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Pennsylvania school doc charged with sexual abuse of teens

May 1, 2019
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This photo released by the Lancaster County, Pa., District Attorney's office shows Dr. William R. Vollmar, a Pennsylvania sports medicine doctor. Vollmar, who spent decades working with high school athletes, was charged Wednesday, May 1, 2019, with sexually assaulting five patients, including two minors — one of them in a high school athletic trainer's room. (Lancaster County District Attorney/LNP/LancasterOnline via AP)

A Pennsylvania sports medicine doctor who spent decades working with high school athletes has been charged with sexually assaulting five patients, including two minors — one of them in a high school athletic trainer’s room.

Dr. William Vollmar was charged Wednesday with felony institutional sexual assault, corruption of minors and other offenses. He was released on $250,000 bond. Pennsylvania Attorney General Josh Shapiro, whose office is prosecuting Vollmar, said the investigation is ongoing, noting that additional victims have come forward.

“I can tell you that the hotline’s been ringing,” he said at a news conference. “We have a lot more to do. Victims are speaking up and sharing their truth.”

A message was left with Vollmar’s attorney, Michael Winters.

Vollmar, 55, of the Lancaster County town of Willow Street, had contracts to work at six school districts, a private school and a college. Prosecutors said he also worked at many district and state athletic competitions over the years and was a member of the Pennsylvania Interscholastic Athletic Association Sports Medicine Advisory Committee.

State police charged him last month with touching the penis of a man during a March 14 sports massage. Vollmar asked the patient, “Do you trust me?” before manipulating his genitals, according to court documents. The man stopped Vollmar and ended the massage. Police said Vollmar acknowledged the sexual contact, but claimed he thought the patient “was revealing interest.” He called it “a huge understanding, mostly on my part,” an affidavit said.

Wednesday’s charges involve four additional patients. One of the victims was a 17-year-old student at Conestoga Valley High School, according to charging documents. Vollmar touched the student’s penis on two separate occasions at the high school this year, authorities said.

Vollmar allegedly assaulted another Conestoga student in the 1990s. He returned as Vollmar’s patient in 2016 and 2017, and Vollmar again sexually assaulted him, according to an affidavit.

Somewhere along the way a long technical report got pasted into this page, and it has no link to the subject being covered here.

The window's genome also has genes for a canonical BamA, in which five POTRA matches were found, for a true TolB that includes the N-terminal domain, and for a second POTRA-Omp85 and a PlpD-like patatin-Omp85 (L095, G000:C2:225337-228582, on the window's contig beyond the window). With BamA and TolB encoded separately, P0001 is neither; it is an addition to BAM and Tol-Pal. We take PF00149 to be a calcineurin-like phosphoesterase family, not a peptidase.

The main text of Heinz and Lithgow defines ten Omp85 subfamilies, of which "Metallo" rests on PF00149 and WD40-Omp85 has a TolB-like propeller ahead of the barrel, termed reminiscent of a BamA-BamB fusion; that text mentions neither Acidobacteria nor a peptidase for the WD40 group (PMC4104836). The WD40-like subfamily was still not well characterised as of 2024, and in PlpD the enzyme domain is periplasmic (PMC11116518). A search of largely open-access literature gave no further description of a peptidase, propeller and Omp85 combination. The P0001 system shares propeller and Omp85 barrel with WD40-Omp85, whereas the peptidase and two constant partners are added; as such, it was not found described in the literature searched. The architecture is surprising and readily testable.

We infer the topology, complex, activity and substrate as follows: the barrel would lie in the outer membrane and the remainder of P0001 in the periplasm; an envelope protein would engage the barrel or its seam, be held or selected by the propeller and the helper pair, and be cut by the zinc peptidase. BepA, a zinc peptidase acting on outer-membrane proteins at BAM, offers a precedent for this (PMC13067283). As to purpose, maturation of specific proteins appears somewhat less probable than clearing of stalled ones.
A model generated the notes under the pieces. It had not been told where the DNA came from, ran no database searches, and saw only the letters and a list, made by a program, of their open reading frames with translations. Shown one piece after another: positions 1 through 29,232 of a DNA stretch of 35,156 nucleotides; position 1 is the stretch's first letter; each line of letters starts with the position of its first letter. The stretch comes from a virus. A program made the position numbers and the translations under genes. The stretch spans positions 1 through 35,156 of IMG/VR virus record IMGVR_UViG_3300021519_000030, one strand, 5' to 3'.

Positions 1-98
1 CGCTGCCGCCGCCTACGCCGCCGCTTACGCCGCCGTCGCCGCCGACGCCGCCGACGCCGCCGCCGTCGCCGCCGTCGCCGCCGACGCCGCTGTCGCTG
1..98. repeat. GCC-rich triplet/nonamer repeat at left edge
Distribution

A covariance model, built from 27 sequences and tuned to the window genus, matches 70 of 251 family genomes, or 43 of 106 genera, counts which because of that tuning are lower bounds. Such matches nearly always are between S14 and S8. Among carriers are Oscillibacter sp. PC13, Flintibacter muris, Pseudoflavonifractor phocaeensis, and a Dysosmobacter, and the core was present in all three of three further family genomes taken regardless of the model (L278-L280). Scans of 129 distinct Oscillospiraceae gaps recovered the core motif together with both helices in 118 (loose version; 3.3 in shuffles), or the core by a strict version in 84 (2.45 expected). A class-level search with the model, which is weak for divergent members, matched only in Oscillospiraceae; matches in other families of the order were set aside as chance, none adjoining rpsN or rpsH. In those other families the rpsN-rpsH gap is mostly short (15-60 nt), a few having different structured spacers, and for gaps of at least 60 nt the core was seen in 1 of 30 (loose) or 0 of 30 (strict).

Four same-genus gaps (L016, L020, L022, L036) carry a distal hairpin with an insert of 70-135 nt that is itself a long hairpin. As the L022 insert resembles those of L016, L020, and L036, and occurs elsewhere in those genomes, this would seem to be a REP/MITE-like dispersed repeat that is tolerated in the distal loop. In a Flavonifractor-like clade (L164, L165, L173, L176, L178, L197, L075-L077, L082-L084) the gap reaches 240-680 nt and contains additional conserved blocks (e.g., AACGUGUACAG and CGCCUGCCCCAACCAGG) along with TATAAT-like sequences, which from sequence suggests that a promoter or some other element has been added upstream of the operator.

Vollmar, whose medical license was suspended last month, is “someone who communities and families and victims came to trust over many years of practice,” Shapiro said. “Now we will begin the legal process to hold him fully accountable for his horrendous crimes and assaults on those who were entrusted to his care.”

Conestoga Valley Superintendent Dave Zuilkoski said in a statement that the district severed ties with Vollmar on April 10, when he was first charged, and that the district is cooperating with police and prosecutors.

“I am deeply saddened and extremely shocked by the allegations against a trusted adult who had contact with some of our students. We will continue to do everything we can to provide a safe environment for all of our students,” he said.

A man who alleged Vollmar began abusing him in 1990, when he was 15, filed a lawsuit last week against Vollmar as well as the medical practice where he worked and a hospital. Many other accusers have retained civil lawyers and more litigation is expected.

Vollmar logged nearly 27 years at a medical practice owned by Lancaster County Coroner Stephen G. Diamantoni. Brian Kent, whose firm represents several accusers, said Wednesday that one of his clients said he told Diamantoni many years ago that Vollmar had abused him, but nothing was done.

“It was never reported to any medical board. He was never prevented from being around patients or children. It was never reported to the school districts, at least from what we know now,” Kent said in an interview. Vollmar “continued to work there for years,” he added.

Diamantoni did not respond to email and phone messages seeking comment.